Since the revolution hit Tunisia in 2011, religious minorities have been watching with unease the growth in size and confidence of puritanical Islamist groups which were suppressed under the secular dictatorship.
Churches have been attacked, Jews shouted down and the followers of revered saints harassed into not attending the shrines they've always visited. In a country long proud of its secular tradition, they watch as shrines and churches have become almost fair game across North Africa.
As people here debate what it means to be a Tunisian, meet members of the small minority groups in this overwhelmingly Sunni Muslim country.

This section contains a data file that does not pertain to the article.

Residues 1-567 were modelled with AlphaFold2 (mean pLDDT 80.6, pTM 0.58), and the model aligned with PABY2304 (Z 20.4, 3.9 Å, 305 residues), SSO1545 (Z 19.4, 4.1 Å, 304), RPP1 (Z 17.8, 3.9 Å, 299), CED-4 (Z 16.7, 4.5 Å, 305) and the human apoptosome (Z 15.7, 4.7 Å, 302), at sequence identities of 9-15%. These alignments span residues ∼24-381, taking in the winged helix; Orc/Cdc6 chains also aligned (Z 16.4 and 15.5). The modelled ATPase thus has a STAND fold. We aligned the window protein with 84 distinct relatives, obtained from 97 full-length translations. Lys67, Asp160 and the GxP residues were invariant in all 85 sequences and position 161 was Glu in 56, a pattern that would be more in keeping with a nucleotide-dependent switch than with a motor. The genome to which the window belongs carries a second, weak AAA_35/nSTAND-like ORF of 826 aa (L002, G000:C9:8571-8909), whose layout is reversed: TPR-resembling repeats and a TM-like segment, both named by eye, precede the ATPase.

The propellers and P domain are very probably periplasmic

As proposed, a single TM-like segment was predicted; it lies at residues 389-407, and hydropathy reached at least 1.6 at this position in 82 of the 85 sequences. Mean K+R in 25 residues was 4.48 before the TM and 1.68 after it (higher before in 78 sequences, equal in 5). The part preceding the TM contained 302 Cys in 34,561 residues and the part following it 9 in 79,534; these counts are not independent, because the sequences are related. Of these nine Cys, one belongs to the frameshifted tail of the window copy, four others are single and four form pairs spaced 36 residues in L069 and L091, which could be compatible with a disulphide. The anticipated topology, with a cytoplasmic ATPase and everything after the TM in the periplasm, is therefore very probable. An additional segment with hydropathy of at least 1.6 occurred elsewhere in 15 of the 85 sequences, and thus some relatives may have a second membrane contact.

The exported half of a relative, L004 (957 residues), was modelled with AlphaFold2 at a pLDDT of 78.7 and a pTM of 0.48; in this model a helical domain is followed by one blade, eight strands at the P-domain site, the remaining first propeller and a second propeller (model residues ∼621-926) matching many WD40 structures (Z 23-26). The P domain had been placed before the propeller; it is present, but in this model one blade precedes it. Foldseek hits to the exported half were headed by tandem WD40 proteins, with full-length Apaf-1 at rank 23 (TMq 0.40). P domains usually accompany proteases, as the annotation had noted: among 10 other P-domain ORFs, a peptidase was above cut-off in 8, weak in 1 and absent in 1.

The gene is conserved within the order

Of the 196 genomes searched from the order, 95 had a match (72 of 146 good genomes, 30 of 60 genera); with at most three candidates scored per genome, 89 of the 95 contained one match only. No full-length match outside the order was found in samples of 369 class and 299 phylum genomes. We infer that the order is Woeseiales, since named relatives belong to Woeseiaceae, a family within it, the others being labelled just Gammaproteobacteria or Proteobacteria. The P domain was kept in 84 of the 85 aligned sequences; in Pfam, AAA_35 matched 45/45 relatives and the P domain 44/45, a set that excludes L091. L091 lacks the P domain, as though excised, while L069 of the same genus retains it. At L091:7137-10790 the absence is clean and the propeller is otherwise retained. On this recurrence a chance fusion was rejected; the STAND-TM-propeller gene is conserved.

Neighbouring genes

We meet a young man converting to Judaism from Sunni Islam, who tells us the hopes he has for his country, and his life, as he takes his risky journey.
We meet followers of the ancient Stambali group, descended from black African slaves, who tell of the harassment they are receiving on the basis that their reverence of saints is not acceptable in Islam.
The Association for the Support of Minorities - newly allowed, but not keen on allowing the same right to existence for Salafists and other ultraconservatives, wants action from the Islamist-led government to support minorities.
And get the view of the Tahrir party - long banned in many countries including Tunisia, but recently permitted by the Islamist-led government.
'Mehdi', Muslim converting to Judaism
Riadh Zaouch, Stambali Shrine leader
Yamina Thabet, Association for the Support of Minorities
Ridha Bel Haj, Tahrir Party